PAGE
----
Crazy Meta CSS Hack

There are several HTML tags that aren’t rendered on a page. Tags like <head>, <meta>, <script> — all very important, but browsers don’t display them. The interesting thing is, browsers can display them, they’re just told not to by the user agent stylesheet:

User agent hiding elements

So what happens when you override the CSS that hides them? Crazy meta CSS hacks happen.

Show Me Your CSS

Here’s a fun trick. You can enable the display of <style> blocks, essentially creating CSS that shows itself (without JavaScript):

See the Pen Display CSS with CSS by Will Boyd (@lonekorean) on CodePen.

The CSS has some extra fluff for presentation’s sake, but the heart of it is very simple:

What’s It Good For?

That’s neat and all, but is it useful? Nope! Thanks for reading!

Actually, it could be useful as a development tool. Imagine a specially crafted stylesheet that visualizes hidden markup on a page — meta tags, stylesheets, script references, etc. Developers could quickly see what’s behind the curtain without having to poke around in dev tools or search the source code.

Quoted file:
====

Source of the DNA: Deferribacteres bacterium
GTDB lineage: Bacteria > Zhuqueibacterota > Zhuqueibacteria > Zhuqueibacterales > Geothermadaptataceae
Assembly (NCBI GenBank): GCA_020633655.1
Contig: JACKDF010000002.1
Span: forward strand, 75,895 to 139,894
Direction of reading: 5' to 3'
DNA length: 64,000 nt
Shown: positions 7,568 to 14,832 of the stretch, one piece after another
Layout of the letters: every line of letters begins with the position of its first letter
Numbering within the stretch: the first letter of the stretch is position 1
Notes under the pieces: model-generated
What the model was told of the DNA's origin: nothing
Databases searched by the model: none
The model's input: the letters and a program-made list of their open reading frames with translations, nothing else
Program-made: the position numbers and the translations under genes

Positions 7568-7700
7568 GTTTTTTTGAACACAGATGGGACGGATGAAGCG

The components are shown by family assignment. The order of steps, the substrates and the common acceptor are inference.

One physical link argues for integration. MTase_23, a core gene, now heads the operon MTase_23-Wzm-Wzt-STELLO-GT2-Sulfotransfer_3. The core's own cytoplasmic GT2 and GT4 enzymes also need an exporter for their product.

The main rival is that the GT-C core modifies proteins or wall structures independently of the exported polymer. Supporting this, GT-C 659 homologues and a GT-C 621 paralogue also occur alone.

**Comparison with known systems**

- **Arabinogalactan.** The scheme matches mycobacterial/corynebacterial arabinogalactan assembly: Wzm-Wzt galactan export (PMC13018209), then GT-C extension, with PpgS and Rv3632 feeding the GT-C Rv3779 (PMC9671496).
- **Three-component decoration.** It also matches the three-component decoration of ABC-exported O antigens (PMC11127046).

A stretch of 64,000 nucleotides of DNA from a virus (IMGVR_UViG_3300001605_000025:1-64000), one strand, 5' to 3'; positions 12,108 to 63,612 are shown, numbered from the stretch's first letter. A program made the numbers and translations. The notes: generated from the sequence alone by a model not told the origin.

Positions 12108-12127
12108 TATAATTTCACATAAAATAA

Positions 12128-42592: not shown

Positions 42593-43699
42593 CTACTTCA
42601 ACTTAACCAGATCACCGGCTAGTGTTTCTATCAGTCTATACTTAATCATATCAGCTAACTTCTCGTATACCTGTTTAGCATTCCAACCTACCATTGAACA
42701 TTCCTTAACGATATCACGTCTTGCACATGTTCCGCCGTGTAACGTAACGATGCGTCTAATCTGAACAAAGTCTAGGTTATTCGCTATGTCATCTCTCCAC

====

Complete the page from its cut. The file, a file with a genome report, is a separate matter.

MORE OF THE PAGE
Here’s a prototype (again, no JavaScript):

See the Pen Visualizing Hidden Tags by Will Boyd (@lonekorean) on CodePen.

There’s quite a bit of CSS shenaniganery going on there. I won’t bore you with the line-by-line, but here are the highlights.

I only show tags when they have certain attributes on them. The <meta> tag in particular has several possible attributes, but I only care for some of them. So I use attribute selectors to pick them out. For example, to only show <meta> tags that have name and content:

The big difference between this demo and the earlier one is that I’m displaying the attributes of these elements instead of their inner text. Very different. Fortunately attr() makes it possible to pull text out of an attribute and display it via a pseudo-element:

In case you didn’t notice, the tag counts are also being displayed — <meta> #1, <meta> #2, etc. This is done with CSS counters:

Closing Remarks

Like any hack, you should use your best judgement before applying it. I really don’t see this being used in production. For development, maybe. For crazy-go-nuts experimental demos, absolutely!

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